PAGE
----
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Being a football hipster is serious business with knowledge about the young starlet making waves for a non-mainstream mid table side often a prerequisite rather than a feather in the cap. To further enhance your, perhaps, burgeoning reputation as a true hipster, Outside of the Boot is on hand to provide an in-depth guide to some of the less celebrated teams around Europe. In this edition of the series, Rahul Warrier turns his gaze towards Crystal Palace.
2015-16 was an interesting season for the Eagles. They started off well, raising hopes of a challenge for the European spots, before sinking badly enough to flirt with relegation. They managed to stave off that threat though. Throw in a FA Cup run that ended at Wembley, and you have a season of extremes. That has its positives and negatives.
Palace started off strongly last year, finishing 2015 in 5th place from the first 19 games. They then embarked on a 12-game winless streak (with 9 losses) that sunk any hopes of European football before it had materialised. They were fortunate to stay up in the Premier League, carried by their early-season form. 15th place and only 5 points away from safety fails to convey the story of their season. It was a missed opportunity, but one that has spurred the club to action this summer.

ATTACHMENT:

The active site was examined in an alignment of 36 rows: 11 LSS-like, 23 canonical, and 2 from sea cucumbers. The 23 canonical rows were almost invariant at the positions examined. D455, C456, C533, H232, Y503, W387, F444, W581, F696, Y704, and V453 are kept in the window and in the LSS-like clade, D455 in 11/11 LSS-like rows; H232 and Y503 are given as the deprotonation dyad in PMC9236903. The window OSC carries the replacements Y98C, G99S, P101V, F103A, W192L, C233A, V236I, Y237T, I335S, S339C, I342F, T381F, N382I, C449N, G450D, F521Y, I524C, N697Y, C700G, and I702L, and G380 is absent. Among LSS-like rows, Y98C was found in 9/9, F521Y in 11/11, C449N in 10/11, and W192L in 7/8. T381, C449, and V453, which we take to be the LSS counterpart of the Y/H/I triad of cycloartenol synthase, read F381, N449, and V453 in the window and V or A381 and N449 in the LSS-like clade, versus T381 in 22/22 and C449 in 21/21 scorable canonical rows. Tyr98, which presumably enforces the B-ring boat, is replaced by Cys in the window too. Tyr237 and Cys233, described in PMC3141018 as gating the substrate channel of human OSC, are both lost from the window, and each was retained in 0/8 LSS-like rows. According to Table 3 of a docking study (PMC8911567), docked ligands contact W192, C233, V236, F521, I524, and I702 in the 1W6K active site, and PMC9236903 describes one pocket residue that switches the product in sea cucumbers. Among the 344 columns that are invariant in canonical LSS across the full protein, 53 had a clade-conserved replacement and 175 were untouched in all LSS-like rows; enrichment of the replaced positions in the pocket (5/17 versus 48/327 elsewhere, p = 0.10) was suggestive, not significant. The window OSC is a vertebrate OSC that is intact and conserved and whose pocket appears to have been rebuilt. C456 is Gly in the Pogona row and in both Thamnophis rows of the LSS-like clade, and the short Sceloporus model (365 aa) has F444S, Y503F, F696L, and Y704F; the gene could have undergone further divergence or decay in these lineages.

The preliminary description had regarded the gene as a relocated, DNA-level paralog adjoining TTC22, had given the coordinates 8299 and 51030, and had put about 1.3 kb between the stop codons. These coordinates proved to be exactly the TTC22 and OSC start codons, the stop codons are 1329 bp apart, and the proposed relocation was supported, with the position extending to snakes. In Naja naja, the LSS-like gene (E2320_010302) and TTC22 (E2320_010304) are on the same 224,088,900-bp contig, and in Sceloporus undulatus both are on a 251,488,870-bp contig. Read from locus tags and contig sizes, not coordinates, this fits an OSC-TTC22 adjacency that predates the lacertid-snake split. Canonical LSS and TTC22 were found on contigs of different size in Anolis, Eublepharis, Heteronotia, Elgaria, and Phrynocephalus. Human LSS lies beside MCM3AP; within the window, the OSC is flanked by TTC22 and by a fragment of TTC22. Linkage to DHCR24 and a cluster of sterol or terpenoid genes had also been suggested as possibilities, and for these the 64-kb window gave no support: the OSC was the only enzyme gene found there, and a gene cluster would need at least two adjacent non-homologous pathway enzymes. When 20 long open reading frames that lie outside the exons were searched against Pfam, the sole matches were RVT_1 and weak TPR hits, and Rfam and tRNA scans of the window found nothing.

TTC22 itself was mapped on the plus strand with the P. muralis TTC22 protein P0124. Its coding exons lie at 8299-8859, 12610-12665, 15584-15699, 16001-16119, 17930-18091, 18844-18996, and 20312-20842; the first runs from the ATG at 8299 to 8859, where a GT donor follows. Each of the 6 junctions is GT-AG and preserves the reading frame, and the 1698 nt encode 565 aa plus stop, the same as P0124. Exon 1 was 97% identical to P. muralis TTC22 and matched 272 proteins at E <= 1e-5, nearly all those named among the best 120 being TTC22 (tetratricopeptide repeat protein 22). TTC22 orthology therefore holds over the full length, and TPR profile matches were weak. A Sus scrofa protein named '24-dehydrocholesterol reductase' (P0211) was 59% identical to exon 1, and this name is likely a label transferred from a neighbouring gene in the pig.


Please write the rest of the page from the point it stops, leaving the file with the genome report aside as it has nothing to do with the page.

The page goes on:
The League Cup adventure ended in the 4th round with a shellacking from Man City (a 5-1 defeat), but the highlight of their season was hands down their FA Cup run. Neutrals were disappointed by Jesse Lingard’s extra time winner in the final, which also turned out to be Louis van Gaal’s last game in charge for Manchester United. The final will be remembered for Pardew’s now-infamous touchline jig upon Puncheon’s equalizer in normal time, but nevertheless it was a great run to Wembley. The fact fans were disappointed with survival and a FA Cup final spot shows how far the club has come, which is the glass half-full approach. A lost chance, but they’ve taken it strongly. The coming season looks intriguing for the Eagles.